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Grid Screen Sodium Malonate
Grid Screen Sodium Malonate


Applications
Primary or secondary, Sodium malonate versus pH grid crystallization screen for biological macromolecules
Features
A systematic grid screen varying Sodium malonate concentration versus pH
Samples pH 4 to 7
Samples six concentrations of Sodium malonate
Preciase pH versus Sodium malonate screen
pH adjusted after salt addition; 25°Celsius
Combine reagents between rows or columns to create expanded grid screens
Description
Grid Screen™ Sodium Malonate is a preformulated reagent kit designed to provide a rapid screening method for the crystallization of biological macromolecules. The screen is simple and practical for finding initial crystallization conditions as well as determining the solubility of a macromolecule in Sodium malonate between pH 4.0 and 9.0.

Grid Screen Sodium Malonate (HR2-247) evaluates Sodium malonate at six concentrations (1.0, 1.5, 1.9, 2.4, 2.9, 3.4 M) versus four pH levels (4, 5, 6, 7).

Grid Screen Sodium Malonate consists of 24 unique reagents, each supplied as 10 milliliter in sterile, screw cap tubes. Ready-to-use reagents are sterile filtered and formulated with ultra-pure Type 1 water, using the highest purity salt. Individual reagents are available through the Hampton Research Custom Shop.
CAT NO NAME DESCRIPTION
HR2-247 Grid Screen Sodium Malonate 10 ml, tube format
Price Quantity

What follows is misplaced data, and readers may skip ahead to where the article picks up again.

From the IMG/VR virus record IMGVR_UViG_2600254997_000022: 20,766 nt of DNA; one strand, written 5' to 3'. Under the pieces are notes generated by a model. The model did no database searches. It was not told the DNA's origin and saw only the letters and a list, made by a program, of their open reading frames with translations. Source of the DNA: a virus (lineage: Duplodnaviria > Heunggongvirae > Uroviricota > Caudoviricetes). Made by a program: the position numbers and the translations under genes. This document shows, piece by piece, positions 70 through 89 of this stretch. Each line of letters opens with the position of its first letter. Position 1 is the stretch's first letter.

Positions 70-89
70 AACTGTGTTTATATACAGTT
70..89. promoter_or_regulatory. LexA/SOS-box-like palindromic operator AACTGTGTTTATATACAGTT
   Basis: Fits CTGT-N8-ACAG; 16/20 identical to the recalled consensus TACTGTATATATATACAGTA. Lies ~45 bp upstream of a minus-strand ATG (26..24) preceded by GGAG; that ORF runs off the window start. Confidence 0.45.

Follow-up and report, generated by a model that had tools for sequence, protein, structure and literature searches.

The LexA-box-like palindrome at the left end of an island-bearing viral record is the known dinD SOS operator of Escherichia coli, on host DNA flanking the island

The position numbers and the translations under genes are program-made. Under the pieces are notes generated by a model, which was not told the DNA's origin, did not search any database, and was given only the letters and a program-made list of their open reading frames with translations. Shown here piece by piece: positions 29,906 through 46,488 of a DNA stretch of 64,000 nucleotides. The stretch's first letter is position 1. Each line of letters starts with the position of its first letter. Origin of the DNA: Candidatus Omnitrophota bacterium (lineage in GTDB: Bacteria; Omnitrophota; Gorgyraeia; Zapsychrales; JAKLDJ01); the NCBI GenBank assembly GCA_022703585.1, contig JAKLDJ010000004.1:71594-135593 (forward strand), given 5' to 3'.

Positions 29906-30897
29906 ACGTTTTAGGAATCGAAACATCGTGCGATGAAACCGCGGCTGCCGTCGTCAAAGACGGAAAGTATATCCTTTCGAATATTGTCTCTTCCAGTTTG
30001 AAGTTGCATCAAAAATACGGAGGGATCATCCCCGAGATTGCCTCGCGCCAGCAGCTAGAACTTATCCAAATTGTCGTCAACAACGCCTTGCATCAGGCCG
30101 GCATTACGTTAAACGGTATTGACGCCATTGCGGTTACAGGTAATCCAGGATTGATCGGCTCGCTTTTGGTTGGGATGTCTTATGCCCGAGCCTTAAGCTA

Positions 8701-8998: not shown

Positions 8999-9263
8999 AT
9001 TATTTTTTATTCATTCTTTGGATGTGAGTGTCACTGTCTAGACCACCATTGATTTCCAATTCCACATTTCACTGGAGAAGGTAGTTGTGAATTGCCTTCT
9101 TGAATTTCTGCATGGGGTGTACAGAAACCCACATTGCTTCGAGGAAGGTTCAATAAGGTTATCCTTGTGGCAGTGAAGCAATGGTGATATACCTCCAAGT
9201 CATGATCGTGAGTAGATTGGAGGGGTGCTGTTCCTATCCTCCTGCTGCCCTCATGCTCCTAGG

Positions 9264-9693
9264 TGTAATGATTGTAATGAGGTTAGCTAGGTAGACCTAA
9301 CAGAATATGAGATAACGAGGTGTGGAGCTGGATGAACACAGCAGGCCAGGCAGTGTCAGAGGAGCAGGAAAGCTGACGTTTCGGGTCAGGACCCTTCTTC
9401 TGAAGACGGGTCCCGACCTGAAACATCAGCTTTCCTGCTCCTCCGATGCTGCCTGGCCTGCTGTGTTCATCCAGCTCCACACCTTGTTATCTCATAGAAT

$124.00
References
1.Advance in Protein Chemistry Volume 41. Pages 1-33 (Patricia C. Weber). Academic Press, 1991.
2.Crystallization of nucleic acids and proteins, Edited by A. Ducruix and R. Giege, The Practical Approach Series, Oxford Univ. Press, 1992.
3.Current approaches to macromolecular crystallization. McPherson, A. Eur. J. Biochem. 189, 1-23, 1990.
4.Protein and Nucleic Acid Crystallization. Methods, A Companion to Methods in Enzymology, Academic Press, Volume 1, Number 1, August 1990.
5.A protein crystallization strategy using automated grid searches on successively finer grids. Patricia C. Weber. Methods: A Companion to Methods in Enzymology Vol. 1, No. 1, August, pp. 31-37, 1990.
6.Analysis of the human cofilin 1 structure reveals conformational changes required for actin binding. M. Klejnot, M. Gabrielsen, J. Cameron, A. Mleczak, S. K. Talapatra, F. Kozielski, A. Pannifer and M. F. Olson. Acta Cryst. (2013). D69, 1780-1788.
7.A comparison of salts for the crystallization of macromolecules. Alexander McPherson. Protein Science (2001), 10:418-422.
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